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If rhabdomyolysis is suspected, the drug should be stopped immediately, and appropriate medical management should be instituted as well as a work-up of predisposing risk factors. For patients found to have statin-induced rhabdomyolysis, consideration should be given to switching to an alternate LDL-lowering drug such as ezetimibe, a recently approved inhibitor of intestinal cholesterol absorption.

Copyright 2021, CMA Joule Inc. ISSN 1488-2329 (e) 0820-3946 (p)All editorial matter in CMAJ represents the opinions of the authors and not necessarily those of the Canadian Medical Association or its subsidiaries. To receive any of these resources in an accessible format, please contact us at CMA Joule Inc.

Mississauga (ON): Astra Zeneca Canada Inc. OpenUrlCrossRefThompson PD, Clarkson, P, Karas RH. OpenUrlCrossRefPubMedStaffa JA, Chang J, Green L. Cerivastatin and reports of fatal rhabdomyolysis. OpenUrlCrossRefPubMed PreviousNext Back to top In this issue Vol. Show more Synopsis Collections Topics Drugs: cardiovascular system Drugs: adverse reactions googletag. ISSN 1488-2329 (e) 0820-3946 (p) All editorial matter in CMAJ represents the opinions of the authors and not necessarily those of the Canadian Medical Association or its subsidiaries.

Board-Certified Urologist Trent B. Crestor (rosuvastatin calcium) is a popular statin used along with diet and exercise to lower bad cholesterol by blocking liver enzymes. Doctors also prescribe the drug to slow plaque buildup in arteries and to prevent heart disease, heart attacks, strokes and other cardiovascular diseases.

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Crestor is part of a family of cholesterol-lowering drugs known as statins that includes Lipitor, Zocor and Lescol. The medication is designed to work with proper diet and exercise to lower bad cholesterol and slow the buildup of fatty deposits in the walls or blood vessels, which may prevent heart attacks and strokes. The active ingredient is rosuvastatin calcium. Rosuvastatin has been shown to reduce the risk of heart attack and other heart-related adverse events over 1.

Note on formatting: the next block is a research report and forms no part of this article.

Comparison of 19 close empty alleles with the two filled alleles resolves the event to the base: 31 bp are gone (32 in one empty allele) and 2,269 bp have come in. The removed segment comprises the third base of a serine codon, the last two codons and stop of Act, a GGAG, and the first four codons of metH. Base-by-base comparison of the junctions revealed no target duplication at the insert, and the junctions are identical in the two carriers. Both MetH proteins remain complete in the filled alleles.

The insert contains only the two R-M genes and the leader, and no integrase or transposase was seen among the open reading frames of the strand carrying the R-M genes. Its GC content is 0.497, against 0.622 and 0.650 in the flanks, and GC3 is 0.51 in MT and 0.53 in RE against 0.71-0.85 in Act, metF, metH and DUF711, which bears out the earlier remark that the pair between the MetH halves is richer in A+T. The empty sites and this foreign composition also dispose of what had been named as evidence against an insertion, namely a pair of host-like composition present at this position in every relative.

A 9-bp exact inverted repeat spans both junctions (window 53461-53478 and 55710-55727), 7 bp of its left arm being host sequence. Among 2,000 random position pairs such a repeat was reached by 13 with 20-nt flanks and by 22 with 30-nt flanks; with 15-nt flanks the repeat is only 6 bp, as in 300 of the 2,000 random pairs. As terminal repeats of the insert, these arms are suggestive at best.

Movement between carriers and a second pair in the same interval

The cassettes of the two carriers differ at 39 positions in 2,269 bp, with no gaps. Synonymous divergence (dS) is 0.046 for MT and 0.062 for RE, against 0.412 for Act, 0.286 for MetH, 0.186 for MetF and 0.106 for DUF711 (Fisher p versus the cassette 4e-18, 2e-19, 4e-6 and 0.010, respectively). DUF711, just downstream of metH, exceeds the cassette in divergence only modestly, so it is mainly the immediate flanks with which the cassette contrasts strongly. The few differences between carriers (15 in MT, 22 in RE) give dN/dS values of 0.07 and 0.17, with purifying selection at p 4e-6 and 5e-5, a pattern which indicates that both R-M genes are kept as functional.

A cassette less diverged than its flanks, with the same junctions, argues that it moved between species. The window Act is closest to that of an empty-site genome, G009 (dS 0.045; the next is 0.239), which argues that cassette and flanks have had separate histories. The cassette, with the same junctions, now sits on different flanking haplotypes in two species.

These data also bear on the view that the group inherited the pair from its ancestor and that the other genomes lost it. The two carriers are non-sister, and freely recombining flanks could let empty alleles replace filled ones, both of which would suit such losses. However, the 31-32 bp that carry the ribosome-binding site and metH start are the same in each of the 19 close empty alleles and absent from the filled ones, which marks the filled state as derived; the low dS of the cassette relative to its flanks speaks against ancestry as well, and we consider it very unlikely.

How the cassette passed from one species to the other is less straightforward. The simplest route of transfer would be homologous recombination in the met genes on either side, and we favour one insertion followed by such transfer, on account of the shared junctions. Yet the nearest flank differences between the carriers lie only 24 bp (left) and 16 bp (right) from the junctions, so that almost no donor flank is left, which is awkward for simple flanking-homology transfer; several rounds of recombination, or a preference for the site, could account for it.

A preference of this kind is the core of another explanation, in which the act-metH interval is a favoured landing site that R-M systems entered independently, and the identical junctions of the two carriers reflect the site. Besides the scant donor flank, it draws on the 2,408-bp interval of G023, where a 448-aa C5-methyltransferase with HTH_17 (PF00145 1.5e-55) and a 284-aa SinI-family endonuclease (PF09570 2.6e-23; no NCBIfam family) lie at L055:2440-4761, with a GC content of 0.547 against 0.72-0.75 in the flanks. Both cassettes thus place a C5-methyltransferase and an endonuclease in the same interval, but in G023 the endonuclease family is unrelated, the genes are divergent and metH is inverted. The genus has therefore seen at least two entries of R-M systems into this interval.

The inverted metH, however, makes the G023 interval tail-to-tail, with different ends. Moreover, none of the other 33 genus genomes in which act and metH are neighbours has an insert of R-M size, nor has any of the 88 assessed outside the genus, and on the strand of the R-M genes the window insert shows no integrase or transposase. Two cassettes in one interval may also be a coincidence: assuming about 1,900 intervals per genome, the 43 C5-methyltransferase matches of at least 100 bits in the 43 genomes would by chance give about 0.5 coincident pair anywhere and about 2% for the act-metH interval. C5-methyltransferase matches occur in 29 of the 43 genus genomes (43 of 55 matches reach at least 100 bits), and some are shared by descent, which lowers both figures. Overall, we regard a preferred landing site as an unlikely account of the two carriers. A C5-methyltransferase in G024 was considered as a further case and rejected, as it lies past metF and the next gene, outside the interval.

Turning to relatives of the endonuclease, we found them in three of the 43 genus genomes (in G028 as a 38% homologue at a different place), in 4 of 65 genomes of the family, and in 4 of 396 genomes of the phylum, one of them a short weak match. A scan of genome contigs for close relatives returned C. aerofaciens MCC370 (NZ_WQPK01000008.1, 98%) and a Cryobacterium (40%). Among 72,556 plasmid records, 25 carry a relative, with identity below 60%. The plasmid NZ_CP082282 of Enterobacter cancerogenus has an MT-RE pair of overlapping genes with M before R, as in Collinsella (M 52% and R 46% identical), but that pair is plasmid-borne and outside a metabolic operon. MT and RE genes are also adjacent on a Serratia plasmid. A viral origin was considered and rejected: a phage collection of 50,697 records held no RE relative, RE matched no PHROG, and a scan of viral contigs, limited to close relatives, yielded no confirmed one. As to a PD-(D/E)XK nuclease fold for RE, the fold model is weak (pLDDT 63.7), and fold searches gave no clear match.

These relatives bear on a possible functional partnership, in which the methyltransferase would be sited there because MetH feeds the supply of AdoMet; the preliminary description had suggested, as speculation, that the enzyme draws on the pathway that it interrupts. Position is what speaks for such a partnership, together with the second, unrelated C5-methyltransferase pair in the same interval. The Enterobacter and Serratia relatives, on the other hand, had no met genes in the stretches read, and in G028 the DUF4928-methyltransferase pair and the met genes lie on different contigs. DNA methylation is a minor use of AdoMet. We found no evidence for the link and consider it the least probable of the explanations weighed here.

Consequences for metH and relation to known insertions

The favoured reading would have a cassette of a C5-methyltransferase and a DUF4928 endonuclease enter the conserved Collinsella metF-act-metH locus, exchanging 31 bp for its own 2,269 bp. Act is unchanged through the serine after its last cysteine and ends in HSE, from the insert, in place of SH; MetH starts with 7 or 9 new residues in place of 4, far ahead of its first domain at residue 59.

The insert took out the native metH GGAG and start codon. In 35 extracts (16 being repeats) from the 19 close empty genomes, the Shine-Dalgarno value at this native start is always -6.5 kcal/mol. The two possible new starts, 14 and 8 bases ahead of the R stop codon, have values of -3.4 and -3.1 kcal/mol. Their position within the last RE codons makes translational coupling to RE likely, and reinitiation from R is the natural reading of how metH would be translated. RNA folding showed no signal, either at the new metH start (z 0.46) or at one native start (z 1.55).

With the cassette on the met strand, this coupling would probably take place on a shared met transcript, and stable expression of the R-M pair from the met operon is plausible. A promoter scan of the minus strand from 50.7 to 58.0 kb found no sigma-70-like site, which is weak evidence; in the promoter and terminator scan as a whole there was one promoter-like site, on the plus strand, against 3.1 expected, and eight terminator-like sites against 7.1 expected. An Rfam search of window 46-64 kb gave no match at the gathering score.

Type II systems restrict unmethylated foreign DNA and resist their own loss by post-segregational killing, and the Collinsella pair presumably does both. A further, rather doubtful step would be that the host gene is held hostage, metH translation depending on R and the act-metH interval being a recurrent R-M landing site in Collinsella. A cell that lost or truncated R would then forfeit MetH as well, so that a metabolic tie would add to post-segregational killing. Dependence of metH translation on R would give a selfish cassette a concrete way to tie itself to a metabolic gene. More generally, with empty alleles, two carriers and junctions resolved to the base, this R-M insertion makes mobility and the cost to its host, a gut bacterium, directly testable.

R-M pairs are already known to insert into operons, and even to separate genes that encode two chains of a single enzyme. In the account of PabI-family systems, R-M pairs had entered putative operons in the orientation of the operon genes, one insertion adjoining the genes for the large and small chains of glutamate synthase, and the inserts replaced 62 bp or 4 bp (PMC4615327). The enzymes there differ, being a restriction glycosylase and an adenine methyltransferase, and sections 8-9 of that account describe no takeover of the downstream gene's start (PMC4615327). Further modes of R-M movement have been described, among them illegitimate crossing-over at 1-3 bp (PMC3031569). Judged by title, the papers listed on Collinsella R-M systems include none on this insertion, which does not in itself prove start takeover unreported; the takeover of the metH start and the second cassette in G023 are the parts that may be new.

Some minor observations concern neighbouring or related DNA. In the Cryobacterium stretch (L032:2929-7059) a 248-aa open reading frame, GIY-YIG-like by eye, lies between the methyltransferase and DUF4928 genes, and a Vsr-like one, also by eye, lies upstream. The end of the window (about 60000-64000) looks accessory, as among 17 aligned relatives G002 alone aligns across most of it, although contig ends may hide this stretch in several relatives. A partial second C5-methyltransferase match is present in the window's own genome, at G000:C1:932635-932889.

But there have been no long-term studies examining the effects of taking it or any other statins for as long as 20 or 30 years, which is the length of time many people will take the medicine. Crestor is part of a class of drugs called statins. In 2010, the FDA approved the drug for additional uses including prevention of heart attacks, strokes and certain heart-related procedures among fairly healthy people with elevated C-reactive protein (CRP) levels, which is a marker of inflammation.

AstraZeneca manufactures the drug, which is approved for use in more than 115 countries. Generic versions have been available since 2016. Crestor comes in tablets that vary in color, shape and size depending on the dosage. Doses range from 5 mg to 40 mg taken once a day at any time, with or without food. The change told doctors to consider starting Asian patients at just 5 mg once daily.

Such elevated levels can increase the risk of muscle damage. The label warns that people with a known hypersensitivity to ingredients in the drug should not take it.

Rosuvastatin is also not recommended for people with active liver disease, women who are pregnant or who may become pregnant, or nursing mothers. The most common side effects of Crestor may include muscle aches, weakness, abdominal pain, nausea and headache. The drug has also been associated with a risk of kidney and liver damage, and a possible increased risk of developing diabetes. Let your doctor know if you experience unexplained muscle pain or weakness, or if you continue to have muscle problems even after your doctor has told you to stop taking Crestor.

You should also alert your doctor if your urine is dark, your skin or eyes are yellowing, your stomach hurts or your appetite has changed.